Portative Pipe Organ; The Impact of Automation on the Manufacturing Industry

Pastor Trujillo, Jacobo, School of Engineering and Applied Science, University of Virginia
Forelle, MC, University of Virginia
Garner, Gavin, EN-Mech & Aero Engr Dept, University of Virginia

In 1785, a pioneer in the field of automation, Oliver Evans, created the first completely automated industrial process - an automatic flour mill that occupied a whole building. Almost 250 years later, we have managed to create transistors that are just around 70 nanometers wide. Automation is following a similar path. Every year, there are more machines that automate routine jobs, often making the product or process optimized, safer and cheaper. This fact has intimidated millions of workers, economists, and engineers around the world, as it is hard to predict how automation will affect the future of labor as we know it. For these reasons, it is important to educate US citizens about the impacts of automation as well as familiarize ourselves with the current progress for our jobs do not become obsolete.

My technical capstone consisted of creating an automated pipe organ. The pipe organ is a combination of a piano and a flute, using the keyboard keys and the pedalboard to activate valves that allow air to escape from the wind box and make resonance with the pipe walls, producing harmonics that produce different tones. For our capstone to be a true engineering challenge, we decided to create an automated system that was not only responsible for the movement of the valves, to produce sound, but also the intake of air for the entire system. The pipe organ was made of six different systems that all acted together to create sound: the drive mechanism consisted of a motor that would power the bellows using a scotch yoke mechanism; the bellow box was responsible for the air intake in the push and pull motion of the system; the air conduct box redirected the air coming from the four different vents into a singular output; the pressure regulator maintained constant air pressure in the wind box to ensure that pipes speak at the desired pitch and volume wind box; the wind box was were all the solenoids rested waiting to be activated by the MIDI signals sent from the Arduino; and lastly, the 24 custom 3D printed flues which covered two octaves (from C3 to C5). The main goal of the automated pipe organ was to educate the public, especially the young ones, by familiarizing themselves with the power of automation. For this reason, the product was designed with the end goal of being donated to the Discovery Museum in Charlottesville, Virginia, for students all around the community to interact and learn from it.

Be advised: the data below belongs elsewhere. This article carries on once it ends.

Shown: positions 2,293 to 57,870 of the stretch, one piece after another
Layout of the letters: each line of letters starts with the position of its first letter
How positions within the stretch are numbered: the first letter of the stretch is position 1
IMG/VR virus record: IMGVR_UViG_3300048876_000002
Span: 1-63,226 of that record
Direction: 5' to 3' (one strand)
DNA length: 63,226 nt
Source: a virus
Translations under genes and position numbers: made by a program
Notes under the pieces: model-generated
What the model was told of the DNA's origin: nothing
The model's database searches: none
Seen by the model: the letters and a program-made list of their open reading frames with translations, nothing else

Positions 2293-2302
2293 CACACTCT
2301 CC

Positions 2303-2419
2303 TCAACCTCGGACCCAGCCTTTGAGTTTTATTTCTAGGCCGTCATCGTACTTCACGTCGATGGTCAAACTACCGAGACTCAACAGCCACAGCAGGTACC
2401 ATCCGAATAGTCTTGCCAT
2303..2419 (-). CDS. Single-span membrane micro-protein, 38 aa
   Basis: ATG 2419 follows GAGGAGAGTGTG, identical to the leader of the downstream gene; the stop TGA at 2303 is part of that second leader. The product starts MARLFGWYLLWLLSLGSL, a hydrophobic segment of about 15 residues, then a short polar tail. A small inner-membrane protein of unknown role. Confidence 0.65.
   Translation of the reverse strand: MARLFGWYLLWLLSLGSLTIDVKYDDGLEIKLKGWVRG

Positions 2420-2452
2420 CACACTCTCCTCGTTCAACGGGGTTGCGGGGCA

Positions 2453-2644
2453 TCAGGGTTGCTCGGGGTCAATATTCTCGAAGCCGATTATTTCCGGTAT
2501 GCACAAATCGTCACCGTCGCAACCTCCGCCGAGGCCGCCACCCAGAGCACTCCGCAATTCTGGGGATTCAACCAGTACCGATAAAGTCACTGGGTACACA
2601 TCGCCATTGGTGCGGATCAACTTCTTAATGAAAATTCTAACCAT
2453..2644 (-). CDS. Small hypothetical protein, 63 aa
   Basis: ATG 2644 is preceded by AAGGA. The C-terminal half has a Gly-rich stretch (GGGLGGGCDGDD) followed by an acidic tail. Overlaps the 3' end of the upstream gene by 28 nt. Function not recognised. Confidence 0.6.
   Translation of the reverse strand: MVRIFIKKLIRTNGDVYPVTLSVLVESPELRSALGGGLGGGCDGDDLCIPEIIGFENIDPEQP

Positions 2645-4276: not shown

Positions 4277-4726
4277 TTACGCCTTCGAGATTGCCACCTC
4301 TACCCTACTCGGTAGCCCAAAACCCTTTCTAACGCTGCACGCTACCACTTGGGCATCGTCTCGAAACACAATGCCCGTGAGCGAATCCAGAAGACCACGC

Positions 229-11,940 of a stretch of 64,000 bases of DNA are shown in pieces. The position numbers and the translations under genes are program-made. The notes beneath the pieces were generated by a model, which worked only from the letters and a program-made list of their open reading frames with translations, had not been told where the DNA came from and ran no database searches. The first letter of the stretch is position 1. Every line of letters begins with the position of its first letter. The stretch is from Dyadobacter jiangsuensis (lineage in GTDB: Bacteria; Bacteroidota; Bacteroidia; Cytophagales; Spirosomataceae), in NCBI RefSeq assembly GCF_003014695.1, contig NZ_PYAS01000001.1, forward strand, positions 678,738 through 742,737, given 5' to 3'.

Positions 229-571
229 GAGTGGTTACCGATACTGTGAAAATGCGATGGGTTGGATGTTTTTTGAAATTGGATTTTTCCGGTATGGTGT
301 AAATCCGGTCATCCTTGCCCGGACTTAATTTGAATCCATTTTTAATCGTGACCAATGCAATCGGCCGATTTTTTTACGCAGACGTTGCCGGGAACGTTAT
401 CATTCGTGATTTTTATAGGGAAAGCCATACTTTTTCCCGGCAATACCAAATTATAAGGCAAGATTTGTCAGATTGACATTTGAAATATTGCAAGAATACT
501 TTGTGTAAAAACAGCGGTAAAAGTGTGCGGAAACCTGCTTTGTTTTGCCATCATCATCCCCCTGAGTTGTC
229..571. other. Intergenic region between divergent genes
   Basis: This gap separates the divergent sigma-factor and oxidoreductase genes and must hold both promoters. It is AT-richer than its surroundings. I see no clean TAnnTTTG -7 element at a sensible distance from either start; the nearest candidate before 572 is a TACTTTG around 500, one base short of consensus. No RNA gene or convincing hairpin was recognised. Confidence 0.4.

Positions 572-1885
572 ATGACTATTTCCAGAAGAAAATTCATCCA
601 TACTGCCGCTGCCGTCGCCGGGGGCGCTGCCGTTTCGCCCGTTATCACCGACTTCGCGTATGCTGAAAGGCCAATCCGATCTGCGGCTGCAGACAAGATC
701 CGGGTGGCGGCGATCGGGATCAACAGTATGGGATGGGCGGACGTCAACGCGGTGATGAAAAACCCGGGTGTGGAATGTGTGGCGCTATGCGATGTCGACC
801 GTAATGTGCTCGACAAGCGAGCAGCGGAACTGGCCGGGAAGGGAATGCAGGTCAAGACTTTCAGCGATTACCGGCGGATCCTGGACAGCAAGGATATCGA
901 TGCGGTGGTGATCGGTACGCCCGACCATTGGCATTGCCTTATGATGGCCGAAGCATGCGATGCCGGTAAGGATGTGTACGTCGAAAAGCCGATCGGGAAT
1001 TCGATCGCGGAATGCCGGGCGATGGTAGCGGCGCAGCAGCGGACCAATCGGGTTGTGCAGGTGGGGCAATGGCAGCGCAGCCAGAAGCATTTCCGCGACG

My sociotechnical thesis focused on analyzing the impact of automation, specifically in the manufacturing industry in the United States, as well as the role that the United States has played in advancing the progress of automation from an ethical perspective and following the responsible innovation framework conceptualized by Jack Stilgoe, Richard Owen, and Phil Macnaghten. My paper discusses that automation will make millions of jobs obsolete as well as will create millions of new jobs that we have never seen before, but it is essential to ask ourselves for whom will those jobs be created. The sociotechnical thesis will analyze automation through four dimensions – anticipation, reflexivity, inclusion, and responsiveness – and will conclude if the ethical progress of automation is responsible, who are the main stakeholders that benefit from automation, and who gets hurt the most. Most importantly, it will highlight that education will be the answer to combat the current pace of automation.
The combination of both projects has allowed me to have a greater perspective as I continue my path as a Mechanical Engineer. Throughout the next couple of years, I will come to make important decisions, and by working simultaneously on these projects I have come to understand that every decision has very different outcomes for different groups of people, whether those are divided by race, socioeconomic class, or just the work field. Automation will forever change the manufacturing field. As engineers, we often see technological progress as a positive, but we must realize the effect on people’s lives.

BS (Bachelor of Science)
automation, manufacturing, ai, economy, pipe organ, midi, instrument, arduino, cad, flutes, education, industry 4.0

School of Engineering and Applied Science
Bachelor of Science in Mechanical Engineering
Technical Advisor: Gavin Garner
STS Advisor: MC Forelle
Technical Team Members: Matt Hutchison, Braden Seale, David Hatter

Issued Date: